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Career Library

General Career Library (Yellow Labels)

Career Exploration (Yellow CE)

  • Be Bold, Cheryl L. Dorsey,
  • Career Guide for Creative & Inconventional People, Carol Eikleberry,
  • Careers for Introverts & Other Solitary Types, Blythe Camenson,
  • Cool Careers for Dummies, Marty Nemko, 3rd edition (7 copies here 3 at Stockwell)
  • Everybody Wants to go to Heaven,Steps to Organizational Excellence, Patrick McDonnell, 2002.
  • Gifts Differing, Isabel Briggs Myers,
  • Occupational Outlook Handbook,
  • Panicked Student's Guide to Choosing a College Major, Laurence Shatkin,
  • Road Trip Nation, Mike Marriner,
  • Strengths Quest, Donald O. Clifton,

Job Search (Yellow JS)

  • Confessions of a Recruiting Director, Brad Karsh, 2006
  • How Hard are you Knocking, Timothy J. Augustine, 2005 (2 copies)
  • How to Find a Job on LinkedIn, Facebook, Twitter, and Google+, Brad Schepp, 2012
  • In Search of the Perfect Job, Clyde C. Lowstuter, 2007
  • The International Advantage, Marcelo Barros, 2015
  • Job Search Handbook for People with Disabilities, Daniel J. Ryan, 2011 (2 copies)
  • Job Searching with Social Media for Dummies, Joshua Waldman, 2013
  • The Path from Backpack to Briefcase, R. William Holland, 2014 (7 copies)
  • What Color Is Your Parachute?, Richard Nelson Bolles, 2014

General Career Library (Red Labels)

Advertising (Red ADV)

  • Breaking Into Advertising, Peterson's, 1998
  • Build Your Own Brand, Robin Landa, 2013
  • Careers in Advertising, S. Willaim Pattis, 2004
  • Public Relations Career Directory, Bradley J. Morgan, 1993
  • Vault Career Guide to Advertising, Ira Berkowitz, 2004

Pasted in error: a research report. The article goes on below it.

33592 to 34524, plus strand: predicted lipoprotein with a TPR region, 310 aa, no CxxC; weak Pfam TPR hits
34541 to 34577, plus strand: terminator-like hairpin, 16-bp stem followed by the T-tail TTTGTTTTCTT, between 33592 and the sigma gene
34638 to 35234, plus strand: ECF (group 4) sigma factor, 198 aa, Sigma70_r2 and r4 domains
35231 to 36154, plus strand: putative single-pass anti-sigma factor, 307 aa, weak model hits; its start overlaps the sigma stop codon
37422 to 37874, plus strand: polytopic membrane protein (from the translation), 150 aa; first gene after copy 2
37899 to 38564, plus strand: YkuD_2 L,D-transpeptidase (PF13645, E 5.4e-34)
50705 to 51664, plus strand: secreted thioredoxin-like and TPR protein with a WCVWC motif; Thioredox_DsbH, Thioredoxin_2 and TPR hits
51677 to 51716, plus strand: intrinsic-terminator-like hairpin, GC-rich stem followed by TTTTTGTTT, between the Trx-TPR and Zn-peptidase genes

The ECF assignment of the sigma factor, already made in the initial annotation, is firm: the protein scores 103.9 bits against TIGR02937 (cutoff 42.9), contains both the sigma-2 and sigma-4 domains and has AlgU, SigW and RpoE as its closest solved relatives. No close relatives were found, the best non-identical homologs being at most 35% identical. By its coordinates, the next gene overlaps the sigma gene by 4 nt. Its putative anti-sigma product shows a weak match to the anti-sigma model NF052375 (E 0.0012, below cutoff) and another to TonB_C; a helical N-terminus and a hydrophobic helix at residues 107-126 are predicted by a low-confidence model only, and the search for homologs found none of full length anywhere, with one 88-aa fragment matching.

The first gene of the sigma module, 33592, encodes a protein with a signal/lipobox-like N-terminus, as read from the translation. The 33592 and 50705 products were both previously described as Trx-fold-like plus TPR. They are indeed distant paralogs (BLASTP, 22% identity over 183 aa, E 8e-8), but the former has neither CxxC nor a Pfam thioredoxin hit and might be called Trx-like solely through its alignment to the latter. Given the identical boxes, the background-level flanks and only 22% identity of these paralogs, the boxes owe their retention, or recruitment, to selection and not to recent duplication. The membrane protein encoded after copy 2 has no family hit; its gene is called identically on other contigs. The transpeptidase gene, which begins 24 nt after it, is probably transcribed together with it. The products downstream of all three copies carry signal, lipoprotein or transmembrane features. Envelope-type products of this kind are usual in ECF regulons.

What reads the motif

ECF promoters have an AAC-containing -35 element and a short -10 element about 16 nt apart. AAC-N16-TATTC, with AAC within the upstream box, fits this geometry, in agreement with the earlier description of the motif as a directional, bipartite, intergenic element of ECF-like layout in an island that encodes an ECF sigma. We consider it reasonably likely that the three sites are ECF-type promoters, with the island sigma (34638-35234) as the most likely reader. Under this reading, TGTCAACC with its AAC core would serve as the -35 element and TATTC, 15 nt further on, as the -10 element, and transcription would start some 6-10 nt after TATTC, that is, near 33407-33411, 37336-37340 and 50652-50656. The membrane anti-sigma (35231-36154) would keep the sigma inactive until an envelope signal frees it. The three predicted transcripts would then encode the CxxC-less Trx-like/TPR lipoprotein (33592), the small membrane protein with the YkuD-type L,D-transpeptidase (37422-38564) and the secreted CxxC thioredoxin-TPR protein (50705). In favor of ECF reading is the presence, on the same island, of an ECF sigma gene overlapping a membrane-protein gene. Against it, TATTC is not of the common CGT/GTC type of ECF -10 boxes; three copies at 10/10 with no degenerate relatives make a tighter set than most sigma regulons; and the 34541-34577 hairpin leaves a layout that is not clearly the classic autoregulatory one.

• Vault Career Guide to Marketing & Brand Management, Jennifer Goodman, 2001

Art / Performing Arts (Red ART)

  • Careers for Culture Lovers & Other Artsy Types, Marjorie Eberts & Margaret Gisler, 1999
  • Great Jobs for Music Majors, Jan Goldberg, 2005
  • Great Jobs for Theater Majors, Jan Goldberg, 2005
  • Vault Career Guide to the Fashion Industry, Holly Han, 2003

Anthropology / Sociology (Red AS)

  • Careers in Anthropology, John T. Omohundro, 1998
  • Careers in Criminology, Marilyn Morgan, 2000 (2 copies)
  • Embarking Upon a Career with Undergraduate Degree in Sociology, Janet Mancini Billson, 1998
  • Great Jobs for Anthropology Majors, Blythe Camenson, 2005
  • Great Jobs for Sociology Majors, Stephen Lambert, 1997
  • Mastering the Job Market with a Graduate Degree in Sociology, Janet Mancini Billson, 1998
  • Sociologists In the Corporate World, Delbert C. Miller, 1994
  • What Anthropologists Do, Veronica Strang, 2009

Business (Red B)

  • Great Jobs for Accounting Majors, Jan Goldberg, 2005
  • Great Jobs for Business Majors, Stephen Lambert, 2009
  • Great Jobs for Economics Majors, Blythe Camenson, 2007

English (Red E)

  • Great Jobs for English Majors, Julie DeGalan & Stephen Lambert, 2006
  • Technical Writing Careers, Jay R. Gould & Wayne A. Losano, 2000

Education (Red ED)

  • Education Career Directory, Bradley J. Morgan & Joseph M. Palmisana, 1994
  • Teaching Overseas: An Insiders' Perspective, Kent M Blakeney, 2012

Event Planning (Red EP)

  • Become An Event Planner, Matthew James, 2016
  • The Business of Event Planning, Judy Allen, 2002
  • Event Planning, Judy Allen, 2000

Foreign Languages (Red FL)

  • Careers for Foreign Language Aficionados & Other Multilingual Types, H. Ned Seelye & J. Laurence Day, 1994
  • Careers in Foreign Languages, Blythe Camenson, 2001
  • Great Jobs for Foreign Language Majors, Julie DeGalan & Stephen Lambert, 2007

GAP Year (Red Gap)

  • The Back Door Guide to Short-Term Job Adventures, Michael Landes, 2002
  • Gap Year, American Style, Karl Haigler, 2013
  • The Gap Year Book, Lonely Planet, 2005
  • The Gap Year Guidebook, Samantha Wilkins, 2016
  • Taking a Gap Year, Susan Griffith, 2003

Government (Red Gov)

  • Barron's Guide to Homeland Security Careers, Donald B. Hutton and Anna Mydlarz, 2003.
  • Book of U.S. Government Jobs, Dennis Damp, 2011
  • Civil Service Career Starter, Learning Express, 1997
  • FBI Careers, Thomas Ackerman, 2002
  • Find Your Federal Job Fit, Janet M. Ruck, 2012
  • Public Administration Career Directory, Bradley J. Morgan & Joseph M. Palmisano, 1994

Health/Fitness (Red H)

  • Concepts of Occupational Therapy, Kathlyn L. Reed & Sharon Nelson Sanderson, 1992
  • Great Jobs for Physical Education Majors, Nancy Giebel, 2004